Advertisement
YOU ARE HERE: LAT HomeCollections

Balancing the scales of justice

Ultimate Punishment: A Lawyer's Reflections on Dealing With the Death Penalty; Scott Turow; Farrar, Straus & Giroux: 166 pp., $18

October 12, 2003|Sharon Dolovich | Sharon Dolovich teaches criminal law, prison law and legal ethics at the UCLA School of Law.

Not too long ago, American public opinion was overwhelmingly in favor of retaining the death penalty, and the opposition looked like dreamers espousing a lost cause. Then came George Ryan. In 1999, scarcely a month after Ryan became governor of Illinois, a convicted double murderer named Anthony Porter was released from the state's death row, his innocence conclusively proved. After a year, three more had joined him, bringing the total to 13 exonerated since Illinois reinstated the death penalty in 1977. Finally, Gov. Ryan had had enough. He declared a moratorium on executions in the state and appointed a commission to study the problem. Ryan's moratorium breathed new life into the abolitionist movement. What some observers saw as a temporary obstacle to future executions, others viewed optimistically as the thin edge of the wedge. Sure that the system could not withstand close scrutiny, foes of capital punishment hailed Ryan's gutsy political move as the first step on the path to abolition. And to judge from Scott Turow's new book on the subject, the abolitionists may well turn out to be right.

Author of such bestsellers as "Presumed Innocent" and "Reversible Errors," Turow is also a practicing lawyer and former prosecutor who spent most of the 1990s representing inmates on Illinois' death row, and he was invited to serve on Ryan's commission. A self-proclaimed "death penalty agnostic," he welcomed the chance to focus on an issue that for years had kept him veering between the two poles of "for" and "against." "Ultimate Punishment" is the story of how, after two years spent with the commission scrutinizing every aspect of Illinois' death penalty, he finally came down solidly against. It traces how he used to see the issue and what he learned while serving on the commission that decided him against capital punishment. Turow's brief narrative illuminates two faces of the death penalty in the United States. Each, as he suggests, should give us serious pause.

The first face is one of bland indifference. This is how the system looks to capital defendants in jurisdictions where prosecutors seek death every chance they get; where court dockets are full to bursting; where court-appointed lawyers are overburdened, incompetent or otherwise disinclined to put on a strong defense. When the system looks this way, there's no telling who gets the death penalty. Some defendants -- the lucky ones -- plead out for life in prison and live on, however monstrous their crimes. The unlucky end up on death row -- even "garden variety" murderers like Chris Thomas, a former client of Turow's who shot a man during a holdup. Executing a murderer like Thomas may not seem wrong. He killed someone, after all. But the death penalty, the "ultimate punishment," should be kept for "the worst of the worst" -- murderers whose crimes are so horrific that "the only correct response" is execution. Certainly Thomas deserved to be punished. But Turow, citing murder cases from the same jurisdiction, argues that to punish him more harshly than someone who had "killed four persons; another who'd knocked his friend unconscious, then placed him on the tracks in front of an oncoming train; and a mother who'd fed acid to her baby" undermines the moral order the death penalty is supposed to preserve. Such apparent randomness is also arguably unconstitutional. When the Supreme Court struck down the death penalty in 1972, it did so in part because no logic determined who was executed and who wasn't. The court used words like "wanton" and "freakish" to describe the process. Yet in Turow's experience, whether or not a first-degree murder is tried as a capital case is as wanton and freakish today as it was then.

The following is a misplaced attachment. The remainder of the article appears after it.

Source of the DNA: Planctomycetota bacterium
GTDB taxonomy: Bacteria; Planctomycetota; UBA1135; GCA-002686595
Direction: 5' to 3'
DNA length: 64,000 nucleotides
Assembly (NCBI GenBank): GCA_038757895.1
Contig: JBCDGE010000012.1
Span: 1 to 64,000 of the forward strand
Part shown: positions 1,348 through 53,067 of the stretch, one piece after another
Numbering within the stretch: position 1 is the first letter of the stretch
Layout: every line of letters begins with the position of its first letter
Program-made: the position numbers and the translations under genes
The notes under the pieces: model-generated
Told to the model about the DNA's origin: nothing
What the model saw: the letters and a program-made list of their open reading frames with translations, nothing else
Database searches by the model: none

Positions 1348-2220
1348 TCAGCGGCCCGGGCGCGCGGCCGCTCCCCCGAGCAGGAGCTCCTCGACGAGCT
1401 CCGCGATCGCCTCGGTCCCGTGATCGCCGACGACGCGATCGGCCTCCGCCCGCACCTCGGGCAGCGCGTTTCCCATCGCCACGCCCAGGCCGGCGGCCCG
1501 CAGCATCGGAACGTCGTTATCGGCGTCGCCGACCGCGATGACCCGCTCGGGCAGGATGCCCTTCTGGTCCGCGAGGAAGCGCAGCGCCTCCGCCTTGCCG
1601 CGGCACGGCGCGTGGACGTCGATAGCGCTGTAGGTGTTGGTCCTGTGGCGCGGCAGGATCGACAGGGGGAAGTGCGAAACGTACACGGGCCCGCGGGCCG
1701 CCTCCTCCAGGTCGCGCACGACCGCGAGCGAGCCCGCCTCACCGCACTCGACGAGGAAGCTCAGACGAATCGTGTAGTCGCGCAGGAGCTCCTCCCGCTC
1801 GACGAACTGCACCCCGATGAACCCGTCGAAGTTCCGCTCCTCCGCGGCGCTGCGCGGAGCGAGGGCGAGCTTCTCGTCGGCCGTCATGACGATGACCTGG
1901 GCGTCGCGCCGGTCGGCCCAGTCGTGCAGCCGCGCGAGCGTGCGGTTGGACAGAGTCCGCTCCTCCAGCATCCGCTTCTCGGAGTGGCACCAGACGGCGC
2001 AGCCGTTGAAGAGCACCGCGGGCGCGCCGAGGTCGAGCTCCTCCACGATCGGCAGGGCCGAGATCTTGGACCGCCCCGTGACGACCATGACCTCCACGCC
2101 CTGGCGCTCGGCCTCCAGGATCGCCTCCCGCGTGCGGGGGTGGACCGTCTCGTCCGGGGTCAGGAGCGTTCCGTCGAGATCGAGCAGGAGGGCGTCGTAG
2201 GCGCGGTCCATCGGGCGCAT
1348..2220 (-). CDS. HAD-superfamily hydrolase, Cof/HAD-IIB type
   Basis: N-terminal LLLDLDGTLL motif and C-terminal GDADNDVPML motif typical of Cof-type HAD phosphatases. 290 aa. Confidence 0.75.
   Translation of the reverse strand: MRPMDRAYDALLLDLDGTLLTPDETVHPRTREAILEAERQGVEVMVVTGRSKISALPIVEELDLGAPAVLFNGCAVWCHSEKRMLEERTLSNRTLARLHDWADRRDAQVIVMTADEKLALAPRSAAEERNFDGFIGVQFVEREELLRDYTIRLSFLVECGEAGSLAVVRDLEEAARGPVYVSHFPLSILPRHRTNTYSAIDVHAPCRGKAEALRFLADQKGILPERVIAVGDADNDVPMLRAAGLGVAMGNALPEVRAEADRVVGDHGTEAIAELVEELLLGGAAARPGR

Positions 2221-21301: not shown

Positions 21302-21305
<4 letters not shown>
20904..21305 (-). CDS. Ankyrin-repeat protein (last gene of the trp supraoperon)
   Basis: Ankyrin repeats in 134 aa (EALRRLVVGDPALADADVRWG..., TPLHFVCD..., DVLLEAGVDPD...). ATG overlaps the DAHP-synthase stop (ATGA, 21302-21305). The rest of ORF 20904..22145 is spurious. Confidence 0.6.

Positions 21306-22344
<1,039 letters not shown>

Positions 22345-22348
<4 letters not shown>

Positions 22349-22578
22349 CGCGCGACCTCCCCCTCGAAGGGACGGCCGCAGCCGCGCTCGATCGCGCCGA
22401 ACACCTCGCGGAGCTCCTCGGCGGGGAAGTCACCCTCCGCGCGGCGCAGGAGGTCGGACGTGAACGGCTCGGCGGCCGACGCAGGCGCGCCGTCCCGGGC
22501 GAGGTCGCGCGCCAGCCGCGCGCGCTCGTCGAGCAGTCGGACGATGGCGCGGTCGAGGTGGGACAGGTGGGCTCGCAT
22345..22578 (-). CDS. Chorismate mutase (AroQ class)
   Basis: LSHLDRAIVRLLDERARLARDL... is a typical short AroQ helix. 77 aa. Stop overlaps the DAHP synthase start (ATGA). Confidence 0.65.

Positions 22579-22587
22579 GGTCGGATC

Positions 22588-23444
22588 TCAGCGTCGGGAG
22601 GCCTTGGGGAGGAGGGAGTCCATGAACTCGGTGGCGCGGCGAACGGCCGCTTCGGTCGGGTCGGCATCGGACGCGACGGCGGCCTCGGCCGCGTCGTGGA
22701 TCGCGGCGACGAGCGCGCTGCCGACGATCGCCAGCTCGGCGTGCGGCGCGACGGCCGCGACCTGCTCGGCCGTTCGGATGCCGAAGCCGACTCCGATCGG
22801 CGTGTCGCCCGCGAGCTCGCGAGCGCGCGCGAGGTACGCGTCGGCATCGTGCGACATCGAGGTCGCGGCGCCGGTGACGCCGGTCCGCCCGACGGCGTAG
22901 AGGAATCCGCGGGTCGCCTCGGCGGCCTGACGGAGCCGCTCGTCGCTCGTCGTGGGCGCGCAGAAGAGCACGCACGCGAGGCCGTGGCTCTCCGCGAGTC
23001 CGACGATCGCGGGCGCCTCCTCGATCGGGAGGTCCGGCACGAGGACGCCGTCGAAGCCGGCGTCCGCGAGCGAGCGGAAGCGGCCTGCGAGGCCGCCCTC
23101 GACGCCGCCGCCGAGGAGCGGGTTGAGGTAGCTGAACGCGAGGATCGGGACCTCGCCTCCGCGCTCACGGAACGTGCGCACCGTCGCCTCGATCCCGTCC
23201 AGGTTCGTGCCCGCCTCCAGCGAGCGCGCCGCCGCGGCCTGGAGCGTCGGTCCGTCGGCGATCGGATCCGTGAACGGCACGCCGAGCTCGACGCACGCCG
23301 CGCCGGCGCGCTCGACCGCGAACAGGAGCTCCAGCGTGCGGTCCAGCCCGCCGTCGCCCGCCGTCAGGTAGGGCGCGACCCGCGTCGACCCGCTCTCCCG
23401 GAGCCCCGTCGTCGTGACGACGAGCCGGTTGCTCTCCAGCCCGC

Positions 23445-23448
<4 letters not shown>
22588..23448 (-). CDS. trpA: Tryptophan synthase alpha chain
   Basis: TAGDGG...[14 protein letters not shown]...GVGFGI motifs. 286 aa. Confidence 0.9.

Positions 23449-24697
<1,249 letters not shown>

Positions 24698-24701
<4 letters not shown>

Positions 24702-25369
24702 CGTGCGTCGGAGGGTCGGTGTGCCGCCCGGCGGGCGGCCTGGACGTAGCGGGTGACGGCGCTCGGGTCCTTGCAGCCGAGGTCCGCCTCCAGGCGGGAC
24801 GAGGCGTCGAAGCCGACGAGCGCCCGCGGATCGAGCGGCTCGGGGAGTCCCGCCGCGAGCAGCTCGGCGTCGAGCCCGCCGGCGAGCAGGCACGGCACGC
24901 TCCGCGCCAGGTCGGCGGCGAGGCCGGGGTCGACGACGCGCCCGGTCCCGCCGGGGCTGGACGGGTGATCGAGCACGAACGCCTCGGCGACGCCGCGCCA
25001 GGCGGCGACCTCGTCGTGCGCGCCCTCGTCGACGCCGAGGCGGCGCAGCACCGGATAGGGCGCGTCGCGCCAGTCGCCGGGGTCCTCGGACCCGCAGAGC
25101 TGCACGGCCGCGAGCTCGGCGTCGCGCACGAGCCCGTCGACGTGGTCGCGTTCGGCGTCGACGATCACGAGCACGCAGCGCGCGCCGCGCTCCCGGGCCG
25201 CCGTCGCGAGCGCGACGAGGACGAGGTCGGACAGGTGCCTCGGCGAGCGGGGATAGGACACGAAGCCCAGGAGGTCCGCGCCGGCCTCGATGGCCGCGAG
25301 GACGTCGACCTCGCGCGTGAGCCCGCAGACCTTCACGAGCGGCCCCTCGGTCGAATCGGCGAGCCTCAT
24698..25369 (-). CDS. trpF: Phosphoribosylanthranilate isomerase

If the first face of the system is bland indifference, the second is raw emotion. This is how the system looks when the crimes are "the worst of the worst." When the system wears this aspect, innocent people end up sentenced to death. By now, we all know the players in this drama of wrongful conviction: police investigators who coerce or manipulate suspects into false confessions; jailhouse informants who trade false inculpating testimony for leniency in their own cases; prosecutors who are so intent on convicting the accused that they dismiss evidence suggesting someone else is the culprit. And, in the final act, heroic lawyers who never gave up on the truth, and the exonerated death-row inmate emerging dazed into the sunlight. This is the passion play of our time -- the play that moved Gov. Ryan to call a halt to executions in his state. Why, Turow asks, does it keep repeating itself?

Advertisement
Los Angeles Times Articles
|
|
|